FIVE FINGER DEATH PUNCH Frontman Tries To Keep Himself 'Positive And Really Active' On The Road

FIVE FINGER DEATH PUNCH Frontman Tries To Keep Himself 'Positive And Really Active' On The Road

FIVE FINGER DEATH PUNCH frontman Ivan Moody was recently interviewed by the Reno radio station Rock 104.5. The singer, who has been open about his struggles with alcohol addiction, was asked what he does to "stay mentally in check" while on the road. He responded: "I'm sure you've seen, I just started my own Instagram page finally. I'm really trying to get out there and give back and just be involved with society in general instead of being so recluse and so stuck in my own little bubble. Which is really what it comes down to. I get to be this monster, and everybody expects me to be that every day, and it's not that way.

"When I wrote a lot of these songs [on FIVE FINGER DEATH PUNCH's latest album, 'And Justice For None'], I was in weird places, of course, and in different elements of my own life," he continued. "So I'm not that person 24 hours a day, and that one and a half hour of my life every afternoon, I get to get up there and unleash the fury, so to speak, but at the end of the day, I put that back in the cage, and that's what the hardest part for me was — morphing and understanding that it's part of life, but it doesn't have to be all consuming.

'So there's really no regimen for me. It's just a matter of… Some days I work out, some days I walk around the city. I don't know… It just depends on the mood, really. I just try to keep myself positive and really active."

Back in May, Moody told the Green Bay radio station Razor 94.7 that he was more than three months sober and revealed that he nearly died due to an alcohol-related seizure and woke up surrounded by EMTs and his daughter holding him while crying.

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Moody admitted that he went to rehab five times before the last time finally stuck, saying: " I knew I was done during my detox. It took me seven and a half days just to detox. I couldn't walk, I couldn't go to the bathroom by myself, I couldn't smoke a cigarette. I had a staff member actually sleep in the room with me for the first 38 hours, just to make sure that I didn't go under."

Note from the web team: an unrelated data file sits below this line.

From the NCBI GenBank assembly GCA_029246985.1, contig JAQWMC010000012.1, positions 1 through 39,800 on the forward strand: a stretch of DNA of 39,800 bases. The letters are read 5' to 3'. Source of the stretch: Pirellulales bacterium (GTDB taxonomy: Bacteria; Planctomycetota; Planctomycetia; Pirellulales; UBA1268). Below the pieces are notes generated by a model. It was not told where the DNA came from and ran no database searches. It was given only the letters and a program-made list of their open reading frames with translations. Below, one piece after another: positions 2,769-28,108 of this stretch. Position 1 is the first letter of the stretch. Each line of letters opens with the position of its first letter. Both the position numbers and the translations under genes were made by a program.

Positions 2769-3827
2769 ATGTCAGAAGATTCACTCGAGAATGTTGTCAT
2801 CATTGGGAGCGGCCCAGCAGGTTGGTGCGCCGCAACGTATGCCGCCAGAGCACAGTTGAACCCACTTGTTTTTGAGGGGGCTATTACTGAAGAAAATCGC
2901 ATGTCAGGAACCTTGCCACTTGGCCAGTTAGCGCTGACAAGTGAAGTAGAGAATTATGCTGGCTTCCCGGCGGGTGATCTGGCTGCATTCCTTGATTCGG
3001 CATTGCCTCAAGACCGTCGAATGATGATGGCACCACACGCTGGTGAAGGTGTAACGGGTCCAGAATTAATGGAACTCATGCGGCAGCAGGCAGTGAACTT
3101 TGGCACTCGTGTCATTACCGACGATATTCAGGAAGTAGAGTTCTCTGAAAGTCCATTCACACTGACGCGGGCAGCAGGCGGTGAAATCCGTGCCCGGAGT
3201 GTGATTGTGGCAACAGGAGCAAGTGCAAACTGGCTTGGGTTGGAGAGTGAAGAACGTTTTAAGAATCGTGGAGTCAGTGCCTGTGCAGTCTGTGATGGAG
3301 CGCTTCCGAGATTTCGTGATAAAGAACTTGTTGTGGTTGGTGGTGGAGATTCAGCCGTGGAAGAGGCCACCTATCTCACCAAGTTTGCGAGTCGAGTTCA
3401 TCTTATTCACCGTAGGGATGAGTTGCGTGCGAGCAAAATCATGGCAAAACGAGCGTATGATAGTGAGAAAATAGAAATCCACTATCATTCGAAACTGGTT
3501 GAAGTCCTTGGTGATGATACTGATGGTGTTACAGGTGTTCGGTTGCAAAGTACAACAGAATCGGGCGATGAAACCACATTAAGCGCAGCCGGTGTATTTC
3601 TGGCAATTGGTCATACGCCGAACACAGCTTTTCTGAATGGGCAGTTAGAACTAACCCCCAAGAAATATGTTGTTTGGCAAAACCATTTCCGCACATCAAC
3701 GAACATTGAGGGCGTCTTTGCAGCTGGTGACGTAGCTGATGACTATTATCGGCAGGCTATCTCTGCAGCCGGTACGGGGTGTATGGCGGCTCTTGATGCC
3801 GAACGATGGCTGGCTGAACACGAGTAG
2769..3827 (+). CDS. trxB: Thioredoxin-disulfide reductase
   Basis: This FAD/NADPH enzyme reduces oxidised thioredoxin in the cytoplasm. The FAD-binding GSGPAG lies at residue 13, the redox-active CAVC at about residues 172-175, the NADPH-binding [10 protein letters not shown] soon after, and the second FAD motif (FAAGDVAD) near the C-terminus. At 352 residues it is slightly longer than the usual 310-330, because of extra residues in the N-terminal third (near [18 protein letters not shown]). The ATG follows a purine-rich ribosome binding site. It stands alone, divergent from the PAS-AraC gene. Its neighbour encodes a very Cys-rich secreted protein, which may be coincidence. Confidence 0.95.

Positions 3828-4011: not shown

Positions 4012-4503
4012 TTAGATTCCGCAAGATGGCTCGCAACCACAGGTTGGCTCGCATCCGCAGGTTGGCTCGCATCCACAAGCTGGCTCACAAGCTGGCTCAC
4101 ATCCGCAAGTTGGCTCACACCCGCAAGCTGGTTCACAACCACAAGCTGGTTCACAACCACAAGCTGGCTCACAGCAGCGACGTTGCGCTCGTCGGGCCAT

The singer said that he "didn't want to come out of it" the last time he went into rehab, but couldn't explain why he felt what way. "I don't know, I really don't," he said. "There was so many things — minor things — in my life that just accumulated into this one big fucking thing. I truly don't know. I mean, think about it: I've got everything I've ever hoped for. I've got beautiful children. I'm taking care of my mother; I set her up. I've got a niece and a nephew. My brother's getting married. I've got nice cars. I've got a beautiful house. I love my dog. Imagine if you've got everything you've ever wanted — everything — and then what? What do you do?" he asked rhetorically.

Moody said that he worked on fixing his "spirit" this time, adding: "I just don't want my legacy to be [dying from substance abuse]. Chester [Bennington] and Chris [Cornell] and Scott [Weiland] and Layne [Staley]… I listen to a LINKIN PARK song now and I can hear [Chester] crying for help. That's the difference. Why did it take us so long to hear that?

"I want people to hear my lyrics and my melodies and say, 'That dude's in pain.' Or, 'That guy's victorious over something. He overcame that substance, or just life in general.' I just wanna give hope back," he said.

"And Justice For None" came out in May.

Interview (audio):

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